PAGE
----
This is so absurdly inefficient and expensive that there is no way it would ever be a commercial success. The whole point of Vertical Farming is to farm more efficiently - that means you build a giant box (skyscraper) with thousands of racks of hydroponic produce on each floor, with controlled LED lighting and optimized CO2 levels. Use automated trolleys for wheeling around produce to the appropriate areas to keep the majority of human workers busy with harvesting and resetting produce racks.

Include a small bee colony on each floor for pollination purposes, and dedicate one corner to a diverse range of small flowering plants which assist in the bees' nutrition. Convert leftover biomass in a gasification plant at the base of the building to create biofuels which power generators to assist with the building's electricity requirements, in addition to at least one small or medium-sized wind turbine on the roof.

THAT is how you build a sustainable modern vertical farm. This so-called "Urban Skyfarm" concept is absolute rubbish.


Just think of the weight!

Can we really build a construction like this supporting all the soil/planting materials, water, the plants themselves and the machinery to manage/harvest?

I don't think those solar panels can deliver enough power to grow all those vegetables on all flours

Vincent Bevort

@Jared: Yes it would be since there is not trucks to carry around hundreds of pounds of harvest. Manual laborers would have to carry them around. It seems incredibly inefficient that way. I also agree with what Onihikage says.


Onihikage has some very valid points.

The fact that it's shaped like a tree is esthetically pleasing but quite impractical and costly. Designing buildings that have south-facing growing sections incorporated within their structure, while providing living, work and leisure spaces would be far more practical and efficient. The concept of making micro communities within the city fabric is nothing new, but this would take it a step further by including food-growing capabilities.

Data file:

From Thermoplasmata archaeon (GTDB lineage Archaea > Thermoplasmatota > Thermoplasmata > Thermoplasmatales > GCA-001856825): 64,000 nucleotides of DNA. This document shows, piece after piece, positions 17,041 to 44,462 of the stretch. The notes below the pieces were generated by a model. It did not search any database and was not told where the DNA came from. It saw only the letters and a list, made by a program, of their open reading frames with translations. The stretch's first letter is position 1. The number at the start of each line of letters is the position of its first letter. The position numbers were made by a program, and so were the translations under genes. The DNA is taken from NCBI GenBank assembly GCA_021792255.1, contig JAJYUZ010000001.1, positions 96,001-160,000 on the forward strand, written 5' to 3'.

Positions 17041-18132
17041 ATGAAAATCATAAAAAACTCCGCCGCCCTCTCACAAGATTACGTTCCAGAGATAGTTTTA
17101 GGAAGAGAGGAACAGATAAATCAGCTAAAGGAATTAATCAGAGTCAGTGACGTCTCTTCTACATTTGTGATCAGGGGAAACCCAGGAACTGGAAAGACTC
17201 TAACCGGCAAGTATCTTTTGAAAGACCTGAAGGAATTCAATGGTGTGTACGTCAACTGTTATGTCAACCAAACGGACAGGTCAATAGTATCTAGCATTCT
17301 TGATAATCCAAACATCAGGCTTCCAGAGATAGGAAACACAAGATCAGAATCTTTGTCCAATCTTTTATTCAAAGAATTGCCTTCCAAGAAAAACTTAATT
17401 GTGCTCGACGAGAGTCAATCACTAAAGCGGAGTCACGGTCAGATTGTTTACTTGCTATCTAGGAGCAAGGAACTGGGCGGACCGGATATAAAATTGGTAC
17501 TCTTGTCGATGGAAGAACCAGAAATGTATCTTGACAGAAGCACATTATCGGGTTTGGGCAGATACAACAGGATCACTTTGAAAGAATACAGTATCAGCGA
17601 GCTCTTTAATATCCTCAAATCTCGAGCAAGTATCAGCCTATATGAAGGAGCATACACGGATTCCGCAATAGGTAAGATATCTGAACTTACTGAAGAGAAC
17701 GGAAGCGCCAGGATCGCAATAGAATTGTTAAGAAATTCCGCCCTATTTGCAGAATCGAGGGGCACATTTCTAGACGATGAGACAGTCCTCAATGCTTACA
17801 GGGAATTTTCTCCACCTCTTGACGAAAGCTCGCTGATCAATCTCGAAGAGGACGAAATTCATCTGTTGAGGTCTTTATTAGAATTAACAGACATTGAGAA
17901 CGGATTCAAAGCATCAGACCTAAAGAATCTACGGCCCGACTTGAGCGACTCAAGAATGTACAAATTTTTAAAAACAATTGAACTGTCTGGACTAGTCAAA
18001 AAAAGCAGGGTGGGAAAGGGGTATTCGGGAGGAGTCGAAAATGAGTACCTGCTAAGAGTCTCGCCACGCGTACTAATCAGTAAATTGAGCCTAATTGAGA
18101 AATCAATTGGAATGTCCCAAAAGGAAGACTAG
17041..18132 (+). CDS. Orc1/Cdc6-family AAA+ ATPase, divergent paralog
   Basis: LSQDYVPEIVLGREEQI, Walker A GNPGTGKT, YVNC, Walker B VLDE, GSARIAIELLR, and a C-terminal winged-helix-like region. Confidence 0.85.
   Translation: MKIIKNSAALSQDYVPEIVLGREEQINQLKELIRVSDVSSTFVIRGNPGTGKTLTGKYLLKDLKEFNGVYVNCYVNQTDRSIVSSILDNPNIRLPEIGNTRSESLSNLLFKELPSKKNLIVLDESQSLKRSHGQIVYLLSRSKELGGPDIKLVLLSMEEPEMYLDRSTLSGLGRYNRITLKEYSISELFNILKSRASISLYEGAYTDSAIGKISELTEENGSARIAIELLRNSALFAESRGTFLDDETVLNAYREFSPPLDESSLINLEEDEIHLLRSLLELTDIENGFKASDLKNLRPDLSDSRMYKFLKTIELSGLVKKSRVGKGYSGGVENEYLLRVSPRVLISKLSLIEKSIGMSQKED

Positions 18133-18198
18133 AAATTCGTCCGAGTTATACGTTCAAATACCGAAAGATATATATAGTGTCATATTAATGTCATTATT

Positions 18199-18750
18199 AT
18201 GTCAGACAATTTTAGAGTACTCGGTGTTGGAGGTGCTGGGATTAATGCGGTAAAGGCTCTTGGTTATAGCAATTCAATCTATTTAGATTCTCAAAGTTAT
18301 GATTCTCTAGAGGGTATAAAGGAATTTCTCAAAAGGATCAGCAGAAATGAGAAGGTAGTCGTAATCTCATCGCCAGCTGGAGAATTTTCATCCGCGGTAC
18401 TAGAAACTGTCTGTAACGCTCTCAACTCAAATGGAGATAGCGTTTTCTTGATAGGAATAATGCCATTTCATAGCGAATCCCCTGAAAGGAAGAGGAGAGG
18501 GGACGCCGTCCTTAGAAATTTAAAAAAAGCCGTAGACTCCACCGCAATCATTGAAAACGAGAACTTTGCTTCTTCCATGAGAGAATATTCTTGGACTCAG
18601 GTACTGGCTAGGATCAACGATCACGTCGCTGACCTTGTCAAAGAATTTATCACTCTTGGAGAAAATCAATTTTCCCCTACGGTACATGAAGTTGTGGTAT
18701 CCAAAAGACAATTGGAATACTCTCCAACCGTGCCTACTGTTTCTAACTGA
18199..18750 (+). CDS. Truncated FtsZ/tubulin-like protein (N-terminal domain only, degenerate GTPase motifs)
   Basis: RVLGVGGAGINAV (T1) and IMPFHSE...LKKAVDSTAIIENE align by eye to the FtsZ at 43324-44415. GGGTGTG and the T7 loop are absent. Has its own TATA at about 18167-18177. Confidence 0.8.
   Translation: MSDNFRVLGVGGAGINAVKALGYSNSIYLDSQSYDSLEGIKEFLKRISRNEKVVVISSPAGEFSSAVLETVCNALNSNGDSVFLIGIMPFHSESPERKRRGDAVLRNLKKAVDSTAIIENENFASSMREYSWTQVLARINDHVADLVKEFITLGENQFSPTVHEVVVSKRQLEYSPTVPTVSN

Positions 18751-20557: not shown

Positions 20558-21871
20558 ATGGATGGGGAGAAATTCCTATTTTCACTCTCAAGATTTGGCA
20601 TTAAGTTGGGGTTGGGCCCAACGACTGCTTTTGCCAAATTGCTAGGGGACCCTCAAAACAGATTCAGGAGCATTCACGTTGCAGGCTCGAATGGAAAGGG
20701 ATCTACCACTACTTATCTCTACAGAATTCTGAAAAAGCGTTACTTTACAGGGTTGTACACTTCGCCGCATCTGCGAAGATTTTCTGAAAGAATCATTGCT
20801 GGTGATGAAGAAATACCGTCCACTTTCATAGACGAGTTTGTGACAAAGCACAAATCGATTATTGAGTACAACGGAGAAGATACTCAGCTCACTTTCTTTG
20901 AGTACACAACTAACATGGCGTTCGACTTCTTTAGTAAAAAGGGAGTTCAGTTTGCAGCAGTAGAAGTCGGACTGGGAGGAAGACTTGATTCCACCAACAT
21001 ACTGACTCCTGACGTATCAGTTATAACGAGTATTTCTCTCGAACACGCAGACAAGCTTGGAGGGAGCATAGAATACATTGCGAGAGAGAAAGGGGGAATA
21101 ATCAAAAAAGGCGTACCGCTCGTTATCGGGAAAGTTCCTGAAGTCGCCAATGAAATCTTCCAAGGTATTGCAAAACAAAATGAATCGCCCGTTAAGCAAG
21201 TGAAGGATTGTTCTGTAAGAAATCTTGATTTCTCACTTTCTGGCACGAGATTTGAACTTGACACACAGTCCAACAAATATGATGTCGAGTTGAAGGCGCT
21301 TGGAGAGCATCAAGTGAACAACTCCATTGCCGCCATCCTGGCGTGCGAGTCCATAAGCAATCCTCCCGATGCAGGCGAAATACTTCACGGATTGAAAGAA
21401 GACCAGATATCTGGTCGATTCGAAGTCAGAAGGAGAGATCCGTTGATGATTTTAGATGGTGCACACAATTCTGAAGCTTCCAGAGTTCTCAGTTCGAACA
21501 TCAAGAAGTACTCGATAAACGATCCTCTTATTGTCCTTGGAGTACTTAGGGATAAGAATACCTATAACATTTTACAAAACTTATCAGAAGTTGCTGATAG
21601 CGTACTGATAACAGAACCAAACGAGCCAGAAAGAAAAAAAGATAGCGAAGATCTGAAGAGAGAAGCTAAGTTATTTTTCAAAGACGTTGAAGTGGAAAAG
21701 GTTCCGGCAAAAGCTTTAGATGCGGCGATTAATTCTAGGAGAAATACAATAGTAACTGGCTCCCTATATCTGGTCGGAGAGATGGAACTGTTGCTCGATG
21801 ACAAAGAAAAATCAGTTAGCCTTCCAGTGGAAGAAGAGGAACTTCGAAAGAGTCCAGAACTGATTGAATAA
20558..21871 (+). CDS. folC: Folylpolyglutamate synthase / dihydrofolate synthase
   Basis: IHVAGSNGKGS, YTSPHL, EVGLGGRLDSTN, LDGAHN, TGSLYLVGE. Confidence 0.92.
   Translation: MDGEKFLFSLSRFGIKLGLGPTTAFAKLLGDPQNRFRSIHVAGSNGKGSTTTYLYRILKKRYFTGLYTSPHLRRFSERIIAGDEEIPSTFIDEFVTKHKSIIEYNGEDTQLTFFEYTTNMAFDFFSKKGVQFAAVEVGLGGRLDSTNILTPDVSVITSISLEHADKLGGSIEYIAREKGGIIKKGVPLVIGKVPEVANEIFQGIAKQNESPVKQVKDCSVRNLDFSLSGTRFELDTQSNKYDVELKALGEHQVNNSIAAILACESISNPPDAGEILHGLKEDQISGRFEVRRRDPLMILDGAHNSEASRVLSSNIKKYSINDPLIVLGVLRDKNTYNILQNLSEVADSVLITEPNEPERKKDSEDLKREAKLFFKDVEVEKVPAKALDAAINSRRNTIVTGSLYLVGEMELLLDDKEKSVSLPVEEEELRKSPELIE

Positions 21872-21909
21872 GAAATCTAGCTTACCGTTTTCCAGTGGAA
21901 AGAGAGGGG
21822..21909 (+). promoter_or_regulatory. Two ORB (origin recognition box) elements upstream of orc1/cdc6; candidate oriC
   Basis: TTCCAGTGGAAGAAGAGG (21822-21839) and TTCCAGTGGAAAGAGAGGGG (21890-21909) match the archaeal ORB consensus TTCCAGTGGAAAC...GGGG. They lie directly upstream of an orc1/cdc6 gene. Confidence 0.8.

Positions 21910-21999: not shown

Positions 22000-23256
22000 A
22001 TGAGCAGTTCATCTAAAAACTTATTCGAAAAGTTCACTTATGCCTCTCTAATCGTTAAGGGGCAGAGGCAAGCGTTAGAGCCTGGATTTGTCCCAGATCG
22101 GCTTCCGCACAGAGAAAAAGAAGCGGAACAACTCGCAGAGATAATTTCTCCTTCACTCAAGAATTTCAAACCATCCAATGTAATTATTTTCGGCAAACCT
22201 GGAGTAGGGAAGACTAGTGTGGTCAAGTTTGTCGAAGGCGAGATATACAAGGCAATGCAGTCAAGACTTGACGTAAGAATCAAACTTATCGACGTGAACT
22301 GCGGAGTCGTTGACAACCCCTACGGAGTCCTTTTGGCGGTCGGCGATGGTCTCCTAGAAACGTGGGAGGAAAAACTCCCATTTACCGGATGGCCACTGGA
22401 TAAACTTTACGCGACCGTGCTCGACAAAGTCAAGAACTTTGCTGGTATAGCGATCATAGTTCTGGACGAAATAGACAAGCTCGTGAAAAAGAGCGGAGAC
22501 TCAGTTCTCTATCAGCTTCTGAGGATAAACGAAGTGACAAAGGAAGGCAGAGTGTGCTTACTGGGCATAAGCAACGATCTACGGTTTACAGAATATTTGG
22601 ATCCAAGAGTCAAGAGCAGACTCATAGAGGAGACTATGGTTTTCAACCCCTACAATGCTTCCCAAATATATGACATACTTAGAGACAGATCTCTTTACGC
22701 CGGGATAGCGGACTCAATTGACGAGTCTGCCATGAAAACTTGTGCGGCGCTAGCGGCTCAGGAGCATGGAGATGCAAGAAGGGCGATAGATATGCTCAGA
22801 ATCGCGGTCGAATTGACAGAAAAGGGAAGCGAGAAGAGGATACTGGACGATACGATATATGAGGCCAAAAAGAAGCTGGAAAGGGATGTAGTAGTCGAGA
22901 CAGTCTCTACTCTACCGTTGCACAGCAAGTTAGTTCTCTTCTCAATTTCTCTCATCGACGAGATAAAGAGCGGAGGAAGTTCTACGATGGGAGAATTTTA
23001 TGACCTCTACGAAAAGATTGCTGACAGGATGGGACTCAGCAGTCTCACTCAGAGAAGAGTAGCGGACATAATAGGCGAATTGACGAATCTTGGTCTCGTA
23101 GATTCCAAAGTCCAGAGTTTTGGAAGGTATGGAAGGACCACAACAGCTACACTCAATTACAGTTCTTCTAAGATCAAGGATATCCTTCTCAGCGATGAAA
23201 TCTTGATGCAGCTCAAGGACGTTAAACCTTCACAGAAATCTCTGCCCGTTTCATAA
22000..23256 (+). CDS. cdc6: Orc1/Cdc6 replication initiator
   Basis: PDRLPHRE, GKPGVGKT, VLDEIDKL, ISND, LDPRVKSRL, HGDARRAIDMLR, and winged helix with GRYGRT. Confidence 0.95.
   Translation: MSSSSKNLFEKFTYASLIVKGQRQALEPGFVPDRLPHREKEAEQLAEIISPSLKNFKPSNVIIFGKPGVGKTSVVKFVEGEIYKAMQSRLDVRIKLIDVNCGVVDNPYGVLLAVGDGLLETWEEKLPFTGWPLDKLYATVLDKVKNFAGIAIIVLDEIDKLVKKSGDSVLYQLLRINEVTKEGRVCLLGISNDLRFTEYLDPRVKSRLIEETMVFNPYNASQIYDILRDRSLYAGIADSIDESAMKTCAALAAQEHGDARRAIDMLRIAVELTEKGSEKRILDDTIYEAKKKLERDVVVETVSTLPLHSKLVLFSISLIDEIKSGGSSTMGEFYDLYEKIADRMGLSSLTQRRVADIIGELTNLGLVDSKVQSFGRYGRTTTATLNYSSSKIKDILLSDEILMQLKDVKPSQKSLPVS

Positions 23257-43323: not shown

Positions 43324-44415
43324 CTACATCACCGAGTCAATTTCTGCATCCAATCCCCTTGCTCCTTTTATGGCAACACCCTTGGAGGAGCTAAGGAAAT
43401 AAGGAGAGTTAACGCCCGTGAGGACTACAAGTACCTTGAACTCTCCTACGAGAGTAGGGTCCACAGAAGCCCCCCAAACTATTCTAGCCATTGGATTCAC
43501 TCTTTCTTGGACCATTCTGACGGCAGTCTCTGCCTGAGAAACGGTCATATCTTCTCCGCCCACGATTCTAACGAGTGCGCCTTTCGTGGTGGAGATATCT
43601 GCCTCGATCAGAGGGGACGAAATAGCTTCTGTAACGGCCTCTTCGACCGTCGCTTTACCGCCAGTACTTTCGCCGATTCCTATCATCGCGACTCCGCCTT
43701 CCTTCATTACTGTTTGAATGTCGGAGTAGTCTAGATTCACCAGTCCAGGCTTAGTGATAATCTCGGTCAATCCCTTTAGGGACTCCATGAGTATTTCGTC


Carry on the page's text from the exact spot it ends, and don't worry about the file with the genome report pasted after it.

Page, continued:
A dome or glass structure on the roof for a multi purpose people area for year-round activities and a commercial section at the base would help to make this concept a success.


Practical? Someone got a nice portfolio piece out of this.


I don't comment on things very often, but really? This whole building concept is ridiculous. It takes heavy equipment to run a large growing operation. Not to mention pesticides to kill all the bugs that want to eat your produce and herbicides to kill all the weeds that want to suck up all the water you feed your produce and overrun it. People don't want to be bothered growing their own garden, that's why there are farmers. I have an acre, and have offered sections of it to people who would like to grow their own garden and the very few who took me up on it quit when they found out that I wasn't going to weed or water it for them. (water was there, but I wasn't going to do the work for them.) Farming is a hard and dangerous job that is under appreciated, and people that come up with this type of "green" project are stupid green feel gooders. There are plenty of other ways to grow food in the big cities without crap like this.


I like the idea but it will be impossible to afford. The land cost alone dooms the project. Then add the construction cost for a giant concrete and steel structure and the cost of produce would be unaffordable for the intended market let alone the overhead problems noted by others.


There are no food shortages, so there is no need for these 'farms', so while it is trendy, they will never be built, as there is no business case for them. One third of all food bought in the UK is thrown away. There are excess food and excess weight issues, we do not need to grow any more food than we do already.